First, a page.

In fact, McCormack initially found it nearly impossible to keep it together through scenes with Gleeson because of the desperation Gleeson brought to his version of a bad cop.
“Daryl is a giggler all right, but obviously a consummate professional,” Gleeson said. “I tend to over-worry things, and that has the weird effect of trying to do too much acting, basically. At one point, Daryl just kind of burst out laughing. But it had a great effect of relaxing everybody.
“He’s got a lovely gentle sort of disposition,” he added, “but there’s a lot of steel in him.”
McCormack grew up in Nenagh, in County Tipperary, the son of a white Irish mother and a Black American father he rarely saw. But his paternal grandfather, Percy Thomas, who runs a theater company in Maryland, helped fill that void.
“The second he heard of himself having a grandson, he instantly made his way over to Ireland and connected with my family,” McCormack said. “Our relationship is so special. I think because we both had such an interest and connection to the performing arts, he just loved me because I was someone he could speak to about acting all the time and I’d never get bored, never get sick of it.”
When McCormack was 17, Thomas took him to see “A Raisin in the Sun” at the Royal Exchange in Manchester, England.
“That was actually quite fundamental to me in terms of wanting to pursue acting,” McCormack said. “It just blew my mind, completely moved me. I really saw the power of storytelling in that night.”
Thomas has been a sounding board for McCormack throughout his studies at the Conservatory of Music and Drama at the Dublin Institute of Technology, and later at the Gaiety School of Acting, and his work: a post-drama school soap opera part, two seasons as a gangster in “Peaky Blinders” and his breakout as a leading man in “Leo Grande.”
McCormack said that, throughout his career, he had given up parts that were easy in favor of ones that left him feeling daunted.
“I want to pick roles that scare me a little,” he said. “It’s probably my main antenna in terms of trying to find the next job.”
He was drawn to “Bad Sisters” by Horgan’s sharp-fanged writing and the chance to work with many actors he admires, most of them Irish, including Eva Birthistle and Sarah Greene along with Gleeson, Hewson and Horgan.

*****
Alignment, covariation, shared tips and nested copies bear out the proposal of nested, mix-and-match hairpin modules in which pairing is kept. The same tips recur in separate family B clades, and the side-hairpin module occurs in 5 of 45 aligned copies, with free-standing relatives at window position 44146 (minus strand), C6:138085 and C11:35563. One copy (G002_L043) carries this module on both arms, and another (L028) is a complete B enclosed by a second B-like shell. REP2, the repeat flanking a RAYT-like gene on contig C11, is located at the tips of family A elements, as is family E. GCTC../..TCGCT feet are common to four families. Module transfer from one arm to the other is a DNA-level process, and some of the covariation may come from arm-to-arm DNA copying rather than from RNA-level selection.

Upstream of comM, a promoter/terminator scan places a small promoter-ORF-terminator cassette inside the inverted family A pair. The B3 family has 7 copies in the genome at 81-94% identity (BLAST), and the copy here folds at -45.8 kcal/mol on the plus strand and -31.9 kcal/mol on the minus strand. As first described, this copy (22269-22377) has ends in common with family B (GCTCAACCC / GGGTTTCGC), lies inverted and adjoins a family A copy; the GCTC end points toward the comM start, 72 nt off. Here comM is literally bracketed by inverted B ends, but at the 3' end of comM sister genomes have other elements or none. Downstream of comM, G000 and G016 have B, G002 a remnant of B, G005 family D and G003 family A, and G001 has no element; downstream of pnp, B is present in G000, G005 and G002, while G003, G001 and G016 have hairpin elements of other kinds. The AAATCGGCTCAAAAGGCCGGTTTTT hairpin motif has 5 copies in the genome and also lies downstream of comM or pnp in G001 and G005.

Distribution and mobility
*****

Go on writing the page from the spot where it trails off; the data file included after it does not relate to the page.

Other films and series are on the horizon. He recently wrapped Alice Troughton’s psychological thriller “The Tutor,” alongside Richard E. Grant and Julie Delpy, playing an ambitious writer hired to tutor the son of a famous author with whom he is obsessed.
“Daryl is an incredibly gifted young actor,” Grant wrote in an email. “Seemingly without any neurosis and as collaborative as one could wish for.”
And it was announced on Wednesday that McCormack would star opposite Ruth Wilson in “The Woman in the Wall,” a BBC and Showtime thriller inspired by Ireland’s infamously abusive Magdalene Laundries, where “fallen women,” orphans and abandoned children were forced to perform unpaid labor by Roman Catholic nuns.
It will be yet another performance opposite a formidable female lead, a situation McCormack has repeatedly sought out in his still-burgeoning career. For instance, in late 2019, when McCormack learned that Ruth Negga would be doing “Portia Coughlan” at the Young Vic in London, he made it his mission to play the role of her lover.
“She was such an inspiration,” he said. “As a biracial Irish actor, there’s not many people you can look up to that have the same experience as you.”
He hounded his team to get him an audition, and after being told that the production team was looking for someone older, he hounded them some more. Finally, he was asked to read for the part.
“I’m about to go in, and it was around late February, March 2020, and we all know what happened then,” he said, referring to having his dreams dashed by Covid.
Working with Negga remains on his bucket list. He also hopes to one day write a movie or a series inspired by his mother and her efforts to protect him against the struggles that sometimes came with being biracial and, in the eyes of others, different.
“I keep chasing that feeling of not feeling comfortable,” McCormack said before pulling on a baseball cap and heading out into a world that is increasingly aware of him. “If I continue to take roles where I feel like my back is up against the wall, that makes me excited — because I don’t want this ever to become a job. I want this always to be an experience.”